It’s an interesting time in the US. The healthcare reform debate continues; the future is uncertain. Health care groups everywhere and those impacted by the bill are spending a huge amount of time thinking about the implications of the bill, and the role of innovation.
In my own case, I’ve been doing and am scheduled to do quite a few keynotes for health care or related institutions (insurance, tax, financial, pharmaceutical, and others..) that focus on future trends in health care. And I’m finding that people are bringing me in as the ‘thought leader’ to really open the minds of people beyond the policy and political discussions which are underway in these leadership meetings.
For example, for an upcoming conference in Arizona, there will be two days looking at health reform issues. There will be:
- a policy wonk, looking at the politics of health care in Washington
- an economist, who will take a look at the global and US economies, and the impact on health care dollars
- a health system specialist, who will talk about how to implement the requirements of the health care bill
- and me — the future — to provide a closing keynote on the REAL trends that will impact healthcare into the future!
There are a lot of policy and political issues on the table today, and organizations need to address them. But I’m also finding that quite a few CEO’s and senior executives are working hard to move their team beyond just those issues, and are looking for the real opportunities for innovation within the system. That’s where I come in!
As I note in my healthcare keynote description:
“When Jim Carroll began a recent keynote talk for the Minnesota Hospital Association CEO Summit, he announced that he wouldn’t even mention health care reform — and the audience of 300 senior executives cheered! Instead, he told the audience that he would take them on a voyage to the world of healthcare in the year of 2020, and provide them the insight they really need to deal with the challenges and opportunity of the future.”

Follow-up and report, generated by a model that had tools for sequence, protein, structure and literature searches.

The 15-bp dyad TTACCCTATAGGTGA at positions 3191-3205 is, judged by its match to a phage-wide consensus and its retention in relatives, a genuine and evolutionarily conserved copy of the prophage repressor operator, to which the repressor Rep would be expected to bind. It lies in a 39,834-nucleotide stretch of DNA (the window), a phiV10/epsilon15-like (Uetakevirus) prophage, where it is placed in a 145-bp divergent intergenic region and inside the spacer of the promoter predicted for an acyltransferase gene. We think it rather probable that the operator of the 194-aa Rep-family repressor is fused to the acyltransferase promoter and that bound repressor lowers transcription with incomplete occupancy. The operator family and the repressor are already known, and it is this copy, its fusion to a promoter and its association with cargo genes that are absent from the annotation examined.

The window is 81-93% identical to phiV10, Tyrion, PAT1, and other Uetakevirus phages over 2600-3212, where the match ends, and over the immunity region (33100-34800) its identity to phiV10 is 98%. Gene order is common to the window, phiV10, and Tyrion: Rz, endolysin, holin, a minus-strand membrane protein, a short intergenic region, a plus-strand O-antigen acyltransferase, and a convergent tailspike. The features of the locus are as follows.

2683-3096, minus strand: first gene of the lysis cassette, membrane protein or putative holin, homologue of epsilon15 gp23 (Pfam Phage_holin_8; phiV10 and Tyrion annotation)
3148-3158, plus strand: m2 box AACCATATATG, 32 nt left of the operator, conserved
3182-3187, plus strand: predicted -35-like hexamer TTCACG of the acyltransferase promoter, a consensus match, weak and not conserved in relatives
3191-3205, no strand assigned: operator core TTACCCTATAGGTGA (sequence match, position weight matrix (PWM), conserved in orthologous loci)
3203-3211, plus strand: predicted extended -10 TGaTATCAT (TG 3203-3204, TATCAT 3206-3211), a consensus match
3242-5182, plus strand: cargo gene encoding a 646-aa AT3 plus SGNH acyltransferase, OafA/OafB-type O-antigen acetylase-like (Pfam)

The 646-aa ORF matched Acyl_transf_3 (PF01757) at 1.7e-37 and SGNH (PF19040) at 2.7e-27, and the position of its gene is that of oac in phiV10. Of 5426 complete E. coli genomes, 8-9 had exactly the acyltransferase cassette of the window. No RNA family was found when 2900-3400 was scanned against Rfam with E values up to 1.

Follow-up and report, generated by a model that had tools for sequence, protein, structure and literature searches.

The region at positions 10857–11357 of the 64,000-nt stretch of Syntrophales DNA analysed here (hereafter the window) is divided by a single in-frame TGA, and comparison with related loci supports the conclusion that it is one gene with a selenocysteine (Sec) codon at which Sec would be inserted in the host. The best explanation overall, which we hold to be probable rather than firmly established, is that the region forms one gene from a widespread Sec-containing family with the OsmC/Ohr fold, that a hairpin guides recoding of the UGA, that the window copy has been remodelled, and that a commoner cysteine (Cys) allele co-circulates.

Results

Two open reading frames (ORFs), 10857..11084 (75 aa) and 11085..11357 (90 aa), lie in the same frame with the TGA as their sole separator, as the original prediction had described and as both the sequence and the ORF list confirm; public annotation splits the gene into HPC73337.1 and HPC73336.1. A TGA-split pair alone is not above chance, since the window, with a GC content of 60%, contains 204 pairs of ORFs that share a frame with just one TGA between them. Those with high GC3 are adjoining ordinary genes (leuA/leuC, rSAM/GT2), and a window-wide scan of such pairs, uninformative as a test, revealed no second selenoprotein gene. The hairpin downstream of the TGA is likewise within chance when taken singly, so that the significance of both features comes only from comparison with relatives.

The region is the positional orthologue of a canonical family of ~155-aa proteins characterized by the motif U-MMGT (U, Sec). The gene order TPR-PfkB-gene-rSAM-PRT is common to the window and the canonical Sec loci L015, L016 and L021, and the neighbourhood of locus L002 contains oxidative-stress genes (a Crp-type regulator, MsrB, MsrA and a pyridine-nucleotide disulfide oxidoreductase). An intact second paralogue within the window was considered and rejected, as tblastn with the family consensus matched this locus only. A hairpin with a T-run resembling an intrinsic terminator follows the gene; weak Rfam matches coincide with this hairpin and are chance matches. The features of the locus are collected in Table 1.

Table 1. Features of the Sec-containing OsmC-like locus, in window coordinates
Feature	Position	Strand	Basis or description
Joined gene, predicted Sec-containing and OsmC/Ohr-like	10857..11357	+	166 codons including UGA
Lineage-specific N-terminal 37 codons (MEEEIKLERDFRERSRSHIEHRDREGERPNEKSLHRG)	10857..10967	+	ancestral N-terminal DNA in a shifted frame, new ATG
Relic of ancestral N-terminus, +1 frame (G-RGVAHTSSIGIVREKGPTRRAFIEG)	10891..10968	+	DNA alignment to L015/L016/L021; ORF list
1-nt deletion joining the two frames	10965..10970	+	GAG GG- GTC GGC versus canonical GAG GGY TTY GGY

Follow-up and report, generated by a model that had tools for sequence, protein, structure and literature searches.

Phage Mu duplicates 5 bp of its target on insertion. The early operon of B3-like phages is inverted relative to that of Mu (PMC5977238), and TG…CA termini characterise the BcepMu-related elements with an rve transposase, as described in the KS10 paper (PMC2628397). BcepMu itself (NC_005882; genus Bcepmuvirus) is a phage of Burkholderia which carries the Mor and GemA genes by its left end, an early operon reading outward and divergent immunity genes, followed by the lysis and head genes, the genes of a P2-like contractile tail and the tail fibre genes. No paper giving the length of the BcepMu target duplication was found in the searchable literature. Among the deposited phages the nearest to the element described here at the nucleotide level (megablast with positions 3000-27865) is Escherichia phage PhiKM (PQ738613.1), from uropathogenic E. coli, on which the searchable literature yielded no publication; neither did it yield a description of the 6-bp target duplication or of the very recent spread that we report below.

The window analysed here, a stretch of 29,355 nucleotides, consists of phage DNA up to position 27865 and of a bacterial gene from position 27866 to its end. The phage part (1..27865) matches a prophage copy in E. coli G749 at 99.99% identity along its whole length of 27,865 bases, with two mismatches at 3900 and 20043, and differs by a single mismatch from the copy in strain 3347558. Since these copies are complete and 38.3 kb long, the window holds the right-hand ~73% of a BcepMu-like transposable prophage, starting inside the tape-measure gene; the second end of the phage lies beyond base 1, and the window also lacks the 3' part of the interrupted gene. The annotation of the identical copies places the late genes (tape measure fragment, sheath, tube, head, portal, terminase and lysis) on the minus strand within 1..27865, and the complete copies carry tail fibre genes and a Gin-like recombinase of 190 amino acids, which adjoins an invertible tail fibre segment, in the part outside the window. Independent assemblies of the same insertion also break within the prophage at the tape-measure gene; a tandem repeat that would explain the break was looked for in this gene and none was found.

What are some of these trends, that go well beyond reform? I cover them in my talk:
“Where will we by the year 2020? We will have successfully transitioned the system from one which “fixes people after they’re sick” to one of preventative, diagnostic genomic-based medicine. Treating patients for the conditions we know they are likely to develop, and re-architechting the system around that reality. A system which will provide for virtual care through bio-connectivity, and extension of the hospital into a community-care oriented structure. A consumer driven, retail oriented health care environment for non-critical care treatment that provides significant opportunities for cost reduction. Real time analytics and location-intelligence capabilities which provide for community-wide monitoring of emerging health care challenges. “Just-in-time” knowledge concepts which will help to deal with a profession in which the volume of knowledge doubles every six years. That and much, much more.”
Health care reform is a big issue, and likely one of the biggest in the US economy today. But you’d be doing yourself a disservice if you think that innovation in the health care sector is limited to the impact of the bill. There are so many trends providing so much opportunity for innovation, you’d be doing yourself a disservice if you didn’t understand them.
Think BIGGER – read my “It’s January 15, 2020: What Have We Learned About Healthcare in the Last Decade” document!